Not-So-Happy Side of Mother's Day
Written by Darlena Fields
I do not have your typical Mother's Day message prepared.
Philip asked me to share on Mother's Day and I started praying about what to say as a beautiful tribute to all the mothers.
But all I could think about was how many Mother's Day sermons that I've sat through that just made me want to sink down in my seat.
I did not feel like I deserved to hear all the wonderful accolades expressed by the pastor or guest speaker, because I did not feel like I measured up to the standard of the "ideal Christian mom".
All of us women know, if you have been a Christian long enough, comes from Proverbs 31.
I cannot sew. I do not garden. I cannot even bake homemade cookies and I'm Mrs. Fields!
To this day I do not wake up before sunrise.
So the story in my head told me I was a bad mom.
Well to those pastor's credit, doing their darnedest to honor all the moms that were staring at them. I will admit, that at the moment, the pat on the back felt good.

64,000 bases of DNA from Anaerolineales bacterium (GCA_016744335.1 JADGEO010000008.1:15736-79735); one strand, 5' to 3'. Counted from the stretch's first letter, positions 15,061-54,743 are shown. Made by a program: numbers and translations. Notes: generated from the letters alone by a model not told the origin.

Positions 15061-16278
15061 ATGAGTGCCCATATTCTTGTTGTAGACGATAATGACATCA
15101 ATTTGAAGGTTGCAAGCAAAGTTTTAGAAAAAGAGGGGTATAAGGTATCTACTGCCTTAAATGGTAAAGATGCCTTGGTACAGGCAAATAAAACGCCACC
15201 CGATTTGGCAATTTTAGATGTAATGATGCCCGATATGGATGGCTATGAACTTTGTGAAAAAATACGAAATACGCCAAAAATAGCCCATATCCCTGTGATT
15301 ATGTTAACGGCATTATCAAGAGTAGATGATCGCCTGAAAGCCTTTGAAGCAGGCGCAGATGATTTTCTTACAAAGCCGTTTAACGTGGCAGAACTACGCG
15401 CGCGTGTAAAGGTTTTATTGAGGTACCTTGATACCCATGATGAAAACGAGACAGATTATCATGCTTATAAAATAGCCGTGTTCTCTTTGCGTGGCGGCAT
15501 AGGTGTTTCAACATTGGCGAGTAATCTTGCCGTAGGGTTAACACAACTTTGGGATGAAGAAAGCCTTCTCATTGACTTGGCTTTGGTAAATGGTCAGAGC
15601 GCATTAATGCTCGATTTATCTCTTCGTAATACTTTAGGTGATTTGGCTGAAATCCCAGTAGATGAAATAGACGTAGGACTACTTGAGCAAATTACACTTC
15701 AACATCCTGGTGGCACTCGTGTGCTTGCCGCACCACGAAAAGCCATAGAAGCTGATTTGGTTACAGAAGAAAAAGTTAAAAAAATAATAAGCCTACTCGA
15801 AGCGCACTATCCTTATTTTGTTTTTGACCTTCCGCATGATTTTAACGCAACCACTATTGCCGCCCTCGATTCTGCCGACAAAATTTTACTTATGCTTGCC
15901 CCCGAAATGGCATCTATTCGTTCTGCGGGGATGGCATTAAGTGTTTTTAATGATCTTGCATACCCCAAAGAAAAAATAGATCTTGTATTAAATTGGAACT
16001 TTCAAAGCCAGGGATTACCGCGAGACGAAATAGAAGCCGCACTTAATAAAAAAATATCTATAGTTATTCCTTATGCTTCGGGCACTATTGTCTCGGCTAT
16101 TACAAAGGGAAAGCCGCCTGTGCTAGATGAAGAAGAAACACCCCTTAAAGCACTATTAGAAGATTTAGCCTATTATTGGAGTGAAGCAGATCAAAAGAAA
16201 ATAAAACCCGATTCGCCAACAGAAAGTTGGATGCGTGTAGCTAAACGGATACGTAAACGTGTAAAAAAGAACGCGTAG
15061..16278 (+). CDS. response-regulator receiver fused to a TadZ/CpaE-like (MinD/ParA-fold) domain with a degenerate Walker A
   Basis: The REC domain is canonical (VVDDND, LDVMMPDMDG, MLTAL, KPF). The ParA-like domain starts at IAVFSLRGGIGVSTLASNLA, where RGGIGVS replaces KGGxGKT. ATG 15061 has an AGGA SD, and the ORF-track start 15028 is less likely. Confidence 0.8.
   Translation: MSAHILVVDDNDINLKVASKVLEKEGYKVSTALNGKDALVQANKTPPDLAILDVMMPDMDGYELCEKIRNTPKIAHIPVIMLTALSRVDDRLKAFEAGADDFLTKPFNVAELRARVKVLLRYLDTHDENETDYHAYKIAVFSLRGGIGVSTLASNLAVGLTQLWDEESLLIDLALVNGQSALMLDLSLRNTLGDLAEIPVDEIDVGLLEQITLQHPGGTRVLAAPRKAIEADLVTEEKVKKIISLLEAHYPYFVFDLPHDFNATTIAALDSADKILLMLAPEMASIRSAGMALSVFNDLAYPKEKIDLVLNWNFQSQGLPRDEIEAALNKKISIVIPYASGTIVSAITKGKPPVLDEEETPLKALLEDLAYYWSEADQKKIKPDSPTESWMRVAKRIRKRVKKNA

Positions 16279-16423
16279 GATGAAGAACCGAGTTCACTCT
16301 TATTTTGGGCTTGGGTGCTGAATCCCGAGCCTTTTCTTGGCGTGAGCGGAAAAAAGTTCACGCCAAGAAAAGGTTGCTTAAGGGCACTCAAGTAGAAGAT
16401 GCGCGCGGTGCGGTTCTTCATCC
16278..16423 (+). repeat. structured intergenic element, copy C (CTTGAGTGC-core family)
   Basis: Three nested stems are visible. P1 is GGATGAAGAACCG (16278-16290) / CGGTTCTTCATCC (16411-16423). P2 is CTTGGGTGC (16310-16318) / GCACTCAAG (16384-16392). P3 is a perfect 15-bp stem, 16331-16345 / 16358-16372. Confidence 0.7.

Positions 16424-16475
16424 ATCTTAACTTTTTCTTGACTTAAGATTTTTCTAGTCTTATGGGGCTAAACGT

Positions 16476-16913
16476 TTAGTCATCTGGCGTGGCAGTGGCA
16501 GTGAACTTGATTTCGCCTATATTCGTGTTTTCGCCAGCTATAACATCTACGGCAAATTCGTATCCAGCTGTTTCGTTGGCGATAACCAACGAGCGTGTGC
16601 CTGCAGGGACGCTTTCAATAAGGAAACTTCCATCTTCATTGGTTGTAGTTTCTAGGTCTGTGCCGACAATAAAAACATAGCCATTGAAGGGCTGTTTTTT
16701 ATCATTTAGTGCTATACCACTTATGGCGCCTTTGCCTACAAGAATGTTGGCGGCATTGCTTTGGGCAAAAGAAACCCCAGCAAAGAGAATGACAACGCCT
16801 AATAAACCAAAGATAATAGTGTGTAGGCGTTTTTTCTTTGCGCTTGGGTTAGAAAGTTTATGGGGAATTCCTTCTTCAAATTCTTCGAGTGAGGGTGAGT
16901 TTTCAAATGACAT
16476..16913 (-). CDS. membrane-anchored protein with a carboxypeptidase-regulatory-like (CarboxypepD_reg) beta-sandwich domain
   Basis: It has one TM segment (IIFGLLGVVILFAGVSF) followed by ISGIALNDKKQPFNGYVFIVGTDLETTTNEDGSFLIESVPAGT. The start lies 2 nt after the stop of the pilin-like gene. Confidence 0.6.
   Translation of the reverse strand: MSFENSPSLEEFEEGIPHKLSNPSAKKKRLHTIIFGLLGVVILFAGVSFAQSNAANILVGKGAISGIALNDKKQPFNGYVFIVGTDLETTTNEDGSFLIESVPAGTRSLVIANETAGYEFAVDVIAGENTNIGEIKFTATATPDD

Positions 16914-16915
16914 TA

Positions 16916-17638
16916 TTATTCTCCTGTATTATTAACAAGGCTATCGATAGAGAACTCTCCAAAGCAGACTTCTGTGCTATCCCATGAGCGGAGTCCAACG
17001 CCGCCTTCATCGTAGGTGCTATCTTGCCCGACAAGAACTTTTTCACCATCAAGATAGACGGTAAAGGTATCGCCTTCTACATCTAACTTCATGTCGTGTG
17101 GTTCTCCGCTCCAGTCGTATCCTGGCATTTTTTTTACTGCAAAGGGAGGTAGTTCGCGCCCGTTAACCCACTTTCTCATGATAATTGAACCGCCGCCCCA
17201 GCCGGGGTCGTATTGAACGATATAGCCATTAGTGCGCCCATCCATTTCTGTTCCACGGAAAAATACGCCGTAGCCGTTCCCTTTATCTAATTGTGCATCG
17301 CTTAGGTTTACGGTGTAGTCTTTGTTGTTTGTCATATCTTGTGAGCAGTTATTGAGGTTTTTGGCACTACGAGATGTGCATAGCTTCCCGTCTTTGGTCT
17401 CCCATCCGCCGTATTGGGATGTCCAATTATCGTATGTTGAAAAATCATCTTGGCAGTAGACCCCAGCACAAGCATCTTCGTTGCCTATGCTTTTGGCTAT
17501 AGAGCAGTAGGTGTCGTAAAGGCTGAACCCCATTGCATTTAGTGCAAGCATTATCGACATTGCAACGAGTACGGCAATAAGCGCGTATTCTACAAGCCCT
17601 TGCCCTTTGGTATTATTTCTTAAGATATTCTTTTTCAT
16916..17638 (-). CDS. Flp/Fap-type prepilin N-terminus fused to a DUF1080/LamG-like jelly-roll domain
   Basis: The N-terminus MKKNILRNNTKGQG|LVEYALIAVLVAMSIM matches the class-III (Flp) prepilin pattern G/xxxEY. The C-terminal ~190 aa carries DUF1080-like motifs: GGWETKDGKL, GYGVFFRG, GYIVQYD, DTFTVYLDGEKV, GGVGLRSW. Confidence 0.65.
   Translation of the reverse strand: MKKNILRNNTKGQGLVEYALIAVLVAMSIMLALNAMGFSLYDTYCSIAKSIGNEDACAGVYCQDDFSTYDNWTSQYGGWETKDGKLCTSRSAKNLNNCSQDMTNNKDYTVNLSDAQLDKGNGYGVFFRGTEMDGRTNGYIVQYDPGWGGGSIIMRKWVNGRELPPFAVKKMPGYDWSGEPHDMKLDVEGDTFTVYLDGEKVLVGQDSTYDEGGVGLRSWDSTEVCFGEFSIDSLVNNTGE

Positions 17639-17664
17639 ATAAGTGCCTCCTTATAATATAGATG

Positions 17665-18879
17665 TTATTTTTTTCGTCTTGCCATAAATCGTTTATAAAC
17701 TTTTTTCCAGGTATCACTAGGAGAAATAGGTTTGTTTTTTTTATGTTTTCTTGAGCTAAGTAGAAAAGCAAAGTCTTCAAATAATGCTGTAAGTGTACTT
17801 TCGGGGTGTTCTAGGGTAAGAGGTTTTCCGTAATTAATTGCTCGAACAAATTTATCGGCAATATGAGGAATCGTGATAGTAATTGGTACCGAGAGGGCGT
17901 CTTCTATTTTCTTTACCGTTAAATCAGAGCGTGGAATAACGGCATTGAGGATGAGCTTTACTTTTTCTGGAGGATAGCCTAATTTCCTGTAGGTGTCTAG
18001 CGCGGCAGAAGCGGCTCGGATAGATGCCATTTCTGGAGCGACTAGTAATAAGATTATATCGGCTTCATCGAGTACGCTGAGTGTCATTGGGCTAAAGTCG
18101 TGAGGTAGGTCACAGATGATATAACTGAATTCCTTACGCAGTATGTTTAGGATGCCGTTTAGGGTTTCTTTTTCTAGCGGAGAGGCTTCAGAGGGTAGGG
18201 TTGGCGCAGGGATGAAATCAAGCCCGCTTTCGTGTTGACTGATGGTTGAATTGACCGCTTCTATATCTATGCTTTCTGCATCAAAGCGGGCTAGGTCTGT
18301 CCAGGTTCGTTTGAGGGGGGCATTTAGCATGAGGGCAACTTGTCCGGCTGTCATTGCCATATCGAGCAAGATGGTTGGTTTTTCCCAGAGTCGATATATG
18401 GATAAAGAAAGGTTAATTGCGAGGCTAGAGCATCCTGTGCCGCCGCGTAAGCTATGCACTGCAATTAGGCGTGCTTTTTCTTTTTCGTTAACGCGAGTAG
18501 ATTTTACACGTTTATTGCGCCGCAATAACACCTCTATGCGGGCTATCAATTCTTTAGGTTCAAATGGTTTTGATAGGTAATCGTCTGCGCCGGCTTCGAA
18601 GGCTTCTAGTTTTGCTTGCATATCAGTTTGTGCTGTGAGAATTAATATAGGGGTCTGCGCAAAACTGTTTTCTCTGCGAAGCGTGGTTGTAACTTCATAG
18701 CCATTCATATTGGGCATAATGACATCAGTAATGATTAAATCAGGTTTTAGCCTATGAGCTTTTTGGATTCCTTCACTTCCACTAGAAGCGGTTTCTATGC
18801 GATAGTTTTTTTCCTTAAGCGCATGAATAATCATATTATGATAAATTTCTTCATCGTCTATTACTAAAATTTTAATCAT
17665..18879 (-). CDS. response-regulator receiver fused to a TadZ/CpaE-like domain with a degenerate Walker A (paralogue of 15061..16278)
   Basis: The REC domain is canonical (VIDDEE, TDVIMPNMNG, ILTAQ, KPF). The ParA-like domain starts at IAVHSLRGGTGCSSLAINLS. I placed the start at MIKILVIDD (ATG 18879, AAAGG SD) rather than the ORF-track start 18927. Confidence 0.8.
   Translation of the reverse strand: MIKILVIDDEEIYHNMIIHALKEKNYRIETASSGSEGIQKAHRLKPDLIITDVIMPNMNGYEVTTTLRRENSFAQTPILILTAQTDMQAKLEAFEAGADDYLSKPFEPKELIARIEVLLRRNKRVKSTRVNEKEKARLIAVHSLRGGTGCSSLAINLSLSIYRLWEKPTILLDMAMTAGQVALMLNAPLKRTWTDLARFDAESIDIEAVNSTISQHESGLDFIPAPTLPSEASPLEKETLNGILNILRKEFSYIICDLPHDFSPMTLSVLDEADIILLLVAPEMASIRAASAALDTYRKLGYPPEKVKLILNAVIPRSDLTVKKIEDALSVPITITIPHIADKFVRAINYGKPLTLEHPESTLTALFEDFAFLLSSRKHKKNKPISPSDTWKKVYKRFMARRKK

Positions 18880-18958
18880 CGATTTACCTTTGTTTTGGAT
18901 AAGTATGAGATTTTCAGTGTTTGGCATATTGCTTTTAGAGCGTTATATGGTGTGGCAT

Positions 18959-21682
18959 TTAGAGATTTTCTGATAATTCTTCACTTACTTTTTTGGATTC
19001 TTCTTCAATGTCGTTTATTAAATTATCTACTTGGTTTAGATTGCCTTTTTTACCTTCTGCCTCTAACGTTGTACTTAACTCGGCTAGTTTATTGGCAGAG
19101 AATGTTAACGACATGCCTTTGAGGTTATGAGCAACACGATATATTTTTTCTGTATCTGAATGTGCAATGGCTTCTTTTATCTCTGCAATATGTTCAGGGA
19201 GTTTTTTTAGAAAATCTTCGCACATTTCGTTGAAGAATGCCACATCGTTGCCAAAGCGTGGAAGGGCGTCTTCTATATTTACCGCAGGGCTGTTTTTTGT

It was like an "Ah, someone is finally making me feel appreciated. Acknowledging all that I do and sacrifice. All the sleepless nights, the diapers I have changed, and meals I have cooked."
But the minute I picked up my little ones from the church nursery and their hair was in shambles and their shoes were off and the nursery worker handing them back looked the same.
Or the moment during the Mother's Day lunch that the girls no longer used their inside voices and the table and floor around us looked like a food bomb went off and I felt like the whole restaurant was staring.
Or the second I walked in the door of my house and saw toys all over the floor and laundry piled high when all I wanted was to just relax and have an afternoon to myself.
I would go back to feeling like a bad mom, just like that.
So that is what I want to talk about today.
The not-so-happy side of Mother's Day.
Because it is real. It's a thing.